MLP: One of the aspects which I thought was most interesting about this third conference was its transformation into a highly attended event, which is open not only to the traditional institutional actors, but also for example to the networks of cities (such as ICLEI – Local Government for Sustainability and UCLG United Cities and Local Governments), as well as NGOs and some (not many to be honest) universities …
Costanza: The opening to formal networks, especially institutional ones has always been a prerogative of UN-led events for a while now, as we saw in the last World Urban Forums, but what really characterised Habitat III was the participation of citizens. It was impressive. Registrations were more than 50000, and, apparently more than 35000 people physically participated (which is a gigantic number). Particularly, the participation of Quito residents, especially young citizens, was astounding, showing a positive trend and a growing interest and awareness from civil society. In addition, its worth mentioning the several other unofficial events running parallel to the official Habitat 3 conference, from the People’s Social Forum Resistance to Habitat III – a grassroots led critical counter-event contesting the neoliberal nature of NUA- to the events organised by local Universities as “PUCE HIII”, organised by the Pontificia Universita Catolica de Ecuador (PUCE), which run a series of parallel seminars and workshop around the NUA and its implication for Civil Society, Academia and professionals.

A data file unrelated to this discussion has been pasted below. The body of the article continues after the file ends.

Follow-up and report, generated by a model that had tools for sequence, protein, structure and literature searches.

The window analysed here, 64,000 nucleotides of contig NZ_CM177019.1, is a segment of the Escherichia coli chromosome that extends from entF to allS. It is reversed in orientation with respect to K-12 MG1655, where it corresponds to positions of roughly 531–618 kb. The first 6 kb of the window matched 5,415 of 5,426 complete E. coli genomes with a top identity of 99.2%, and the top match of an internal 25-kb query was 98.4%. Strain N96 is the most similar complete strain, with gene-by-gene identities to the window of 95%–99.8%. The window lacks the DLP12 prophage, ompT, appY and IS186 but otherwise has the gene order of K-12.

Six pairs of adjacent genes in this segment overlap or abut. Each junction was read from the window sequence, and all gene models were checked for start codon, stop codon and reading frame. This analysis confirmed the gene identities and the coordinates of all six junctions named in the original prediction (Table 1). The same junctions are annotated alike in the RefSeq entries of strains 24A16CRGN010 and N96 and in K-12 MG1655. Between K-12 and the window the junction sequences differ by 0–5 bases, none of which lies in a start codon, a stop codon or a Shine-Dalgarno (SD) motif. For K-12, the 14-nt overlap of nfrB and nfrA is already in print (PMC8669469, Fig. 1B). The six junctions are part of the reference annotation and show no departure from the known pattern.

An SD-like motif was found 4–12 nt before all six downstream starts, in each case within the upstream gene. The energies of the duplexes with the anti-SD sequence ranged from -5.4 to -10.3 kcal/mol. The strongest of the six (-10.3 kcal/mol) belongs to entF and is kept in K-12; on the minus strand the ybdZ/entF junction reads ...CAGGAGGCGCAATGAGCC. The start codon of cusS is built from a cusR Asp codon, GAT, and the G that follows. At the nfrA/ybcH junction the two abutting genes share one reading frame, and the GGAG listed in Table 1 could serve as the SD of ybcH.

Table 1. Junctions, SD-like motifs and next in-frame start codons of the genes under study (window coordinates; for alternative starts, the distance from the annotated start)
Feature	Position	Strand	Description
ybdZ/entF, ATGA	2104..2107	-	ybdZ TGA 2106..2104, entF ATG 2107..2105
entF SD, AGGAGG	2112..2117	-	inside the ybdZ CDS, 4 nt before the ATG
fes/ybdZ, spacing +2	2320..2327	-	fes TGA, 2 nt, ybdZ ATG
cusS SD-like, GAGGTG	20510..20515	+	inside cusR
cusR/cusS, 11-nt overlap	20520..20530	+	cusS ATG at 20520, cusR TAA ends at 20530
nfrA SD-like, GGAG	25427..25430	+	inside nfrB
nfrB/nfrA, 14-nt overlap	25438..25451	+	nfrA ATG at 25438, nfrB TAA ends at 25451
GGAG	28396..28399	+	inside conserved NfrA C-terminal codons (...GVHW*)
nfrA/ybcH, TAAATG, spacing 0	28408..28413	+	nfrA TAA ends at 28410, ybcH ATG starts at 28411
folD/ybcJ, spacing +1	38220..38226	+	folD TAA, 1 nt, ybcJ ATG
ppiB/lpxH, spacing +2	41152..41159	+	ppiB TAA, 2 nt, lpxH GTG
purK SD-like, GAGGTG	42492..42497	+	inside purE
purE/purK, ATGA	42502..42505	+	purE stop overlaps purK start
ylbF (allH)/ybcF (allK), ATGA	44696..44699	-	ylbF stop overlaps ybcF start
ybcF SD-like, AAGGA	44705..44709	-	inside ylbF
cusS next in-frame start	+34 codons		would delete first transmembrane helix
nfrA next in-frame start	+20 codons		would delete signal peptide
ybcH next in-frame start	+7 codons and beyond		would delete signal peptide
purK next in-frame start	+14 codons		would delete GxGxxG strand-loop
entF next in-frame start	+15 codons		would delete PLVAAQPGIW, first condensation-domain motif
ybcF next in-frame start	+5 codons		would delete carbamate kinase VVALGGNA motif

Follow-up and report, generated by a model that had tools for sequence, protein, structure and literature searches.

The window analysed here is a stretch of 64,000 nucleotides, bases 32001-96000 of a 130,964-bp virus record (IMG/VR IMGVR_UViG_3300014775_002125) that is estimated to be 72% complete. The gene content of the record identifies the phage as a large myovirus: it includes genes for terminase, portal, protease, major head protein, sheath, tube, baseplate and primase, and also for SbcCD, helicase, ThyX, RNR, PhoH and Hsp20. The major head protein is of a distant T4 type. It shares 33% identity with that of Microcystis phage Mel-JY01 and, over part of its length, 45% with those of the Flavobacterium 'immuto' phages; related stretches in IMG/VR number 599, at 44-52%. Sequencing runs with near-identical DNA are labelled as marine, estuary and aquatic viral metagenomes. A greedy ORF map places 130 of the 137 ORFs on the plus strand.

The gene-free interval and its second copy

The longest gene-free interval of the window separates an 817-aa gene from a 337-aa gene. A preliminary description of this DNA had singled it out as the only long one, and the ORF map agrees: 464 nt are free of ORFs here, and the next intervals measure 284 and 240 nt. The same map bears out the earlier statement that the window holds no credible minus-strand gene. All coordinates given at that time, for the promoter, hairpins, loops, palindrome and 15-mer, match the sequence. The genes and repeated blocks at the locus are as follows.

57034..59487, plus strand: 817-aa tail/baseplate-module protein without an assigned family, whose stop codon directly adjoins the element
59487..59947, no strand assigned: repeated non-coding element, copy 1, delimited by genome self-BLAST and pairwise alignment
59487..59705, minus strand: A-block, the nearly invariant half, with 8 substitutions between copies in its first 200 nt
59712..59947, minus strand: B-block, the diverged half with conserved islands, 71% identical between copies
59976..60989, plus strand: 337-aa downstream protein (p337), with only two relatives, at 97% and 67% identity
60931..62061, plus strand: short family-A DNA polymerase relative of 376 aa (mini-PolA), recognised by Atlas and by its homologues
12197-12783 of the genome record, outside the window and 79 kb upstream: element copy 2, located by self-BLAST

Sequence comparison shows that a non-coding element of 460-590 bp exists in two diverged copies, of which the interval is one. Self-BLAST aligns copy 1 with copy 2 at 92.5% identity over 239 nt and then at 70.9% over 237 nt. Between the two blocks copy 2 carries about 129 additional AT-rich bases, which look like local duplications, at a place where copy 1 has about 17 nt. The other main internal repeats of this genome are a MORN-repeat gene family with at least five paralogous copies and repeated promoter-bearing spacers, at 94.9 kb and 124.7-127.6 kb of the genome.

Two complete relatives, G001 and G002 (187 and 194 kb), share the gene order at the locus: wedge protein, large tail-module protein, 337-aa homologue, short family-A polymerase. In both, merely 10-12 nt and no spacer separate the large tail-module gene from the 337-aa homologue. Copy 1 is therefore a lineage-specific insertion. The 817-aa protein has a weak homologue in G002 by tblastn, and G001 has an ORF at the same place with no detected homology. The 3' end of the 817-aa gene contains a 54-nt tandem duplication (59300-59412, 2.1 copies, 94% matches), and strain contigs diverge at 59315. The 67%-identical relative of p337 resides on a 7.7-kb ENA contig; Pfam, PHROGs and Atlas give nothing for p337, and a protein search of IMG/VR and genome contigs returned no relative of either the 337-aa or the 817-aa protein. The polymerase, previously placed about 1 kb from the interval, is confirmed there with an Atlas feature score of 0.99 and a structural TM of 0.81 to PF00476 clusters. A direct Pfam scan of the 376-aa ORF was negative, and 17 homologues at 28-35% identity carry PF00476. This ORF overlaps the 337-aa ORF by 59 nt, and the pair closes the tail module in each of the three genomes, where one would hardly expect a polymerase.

Although there are certainly reasons for criticisms, and even for some cynicism, around events like Habitat III, it can also be argued that all of this, including the oppsition events, is substantially positive as highly diverse actors have the chance to make their positions explicit and are possibly able to influence important decisions.
MLP: Another aspect that I find important is the preparatory process of the conference, which involved for several months players distributed in 5 continents …